Geneva, Nov. 30 (ANI): An overwhelming majority of the Swiss population voting against the construction of new minarets has caused greater pain to the Muslims in the country than the national ban altogether.
Muslims no longer feel accepted in Switzerland after more than 57 percent of Swiss resident voters on Sunday - a majority in 22 out of the country's 26's cantons - approved a proposal to ban the construction of new minarets, the prayer towers of mosques.
"Most painful for us is not the minaret ban, but the symbol sent by this vote. Muslims do not feel accepted as a religious community," the New York Times quoted Farhad Afshar, who runs the Coordination of Islamic Organizations in Switzerland, as saying.
The Swiss Constitution guarantees freedom of religion, but the rightist Swiss People's Party had proposed inserting a single sentence banning the construction of minarets, leading to the referendum.
The Swiss government said it would respect the vote and sought to reassure the Muslim population that the minaret ban was "not a rejection of the Muslim community, religion or culture."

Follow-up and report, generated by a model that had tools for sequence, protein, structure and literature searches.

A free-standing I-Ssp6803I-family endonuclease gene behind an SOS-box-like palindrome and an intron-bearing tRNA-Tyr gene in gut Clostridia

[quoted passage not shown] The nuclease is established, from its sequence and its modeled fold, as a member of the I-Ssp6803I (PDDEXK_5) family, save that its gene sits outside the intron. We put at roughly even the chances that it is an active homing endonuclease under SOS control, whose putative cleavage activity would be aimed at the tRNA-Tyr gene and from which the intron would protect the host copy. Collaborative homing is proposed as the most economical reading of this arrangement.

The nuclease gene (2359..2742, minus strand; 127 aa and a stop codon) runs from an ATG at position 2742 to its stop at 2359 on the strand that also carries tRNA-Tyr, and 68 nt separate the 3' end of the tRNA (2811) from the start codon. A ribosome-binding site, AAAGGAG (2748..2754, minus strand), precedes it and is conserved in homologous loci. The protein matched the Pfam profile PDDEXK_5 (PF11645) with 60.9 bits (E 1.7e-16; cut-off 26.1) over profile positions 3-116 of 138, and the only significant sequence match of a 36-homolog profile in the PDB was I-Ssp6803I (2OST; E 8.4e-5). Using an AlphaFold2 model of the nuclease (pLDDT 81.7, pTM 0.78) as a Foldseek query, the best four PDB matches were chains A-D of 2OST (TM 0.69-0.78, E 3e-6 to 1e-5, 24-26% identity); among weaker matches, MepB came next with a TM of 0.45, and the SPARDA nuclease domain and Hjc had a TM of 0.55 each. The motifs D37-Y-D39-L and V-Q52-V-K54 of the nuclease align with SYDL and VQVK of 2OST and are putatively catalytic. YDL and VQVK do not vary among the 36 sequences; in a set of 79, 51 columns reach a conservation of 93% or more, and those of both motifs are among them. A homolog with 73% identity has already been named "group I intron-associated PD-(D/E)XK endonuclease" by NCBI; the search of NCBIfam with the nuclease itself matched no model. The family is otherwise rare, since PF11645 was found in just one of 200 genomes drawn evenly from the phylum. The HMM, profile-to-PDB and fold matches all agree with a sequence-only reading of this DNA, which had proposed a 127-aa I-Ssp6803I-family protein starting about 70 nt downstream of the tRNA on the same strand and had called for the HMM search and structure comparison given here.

"The Federal Council takes the view that a ban on the construction of new minarets is not a feasible means of countering extremist tendencies," the government said in a statement.
The government must now draft a supporting law on the ban, a process that could take at least a year and could put Switzerland in breach of international conventions on human rights.
"That Switzerland, a country with a long tradition of religious tolerance and the provision of refuge to the persecuted, should have accepted such a grotesquely discriminatory proposal is shocking," said David Diaz-Jogeix, Amnesty International's deputy program director for Europe and Central Asia.
There are about 400,000 Muslims in a population of some 7.5 million people. Nearly 90 percent of Muslims in Switzerland are from Kosovo and Turkey, and most do not adhere to the strict dress codes and conduct associated with conservative Muslim countries. (ANI)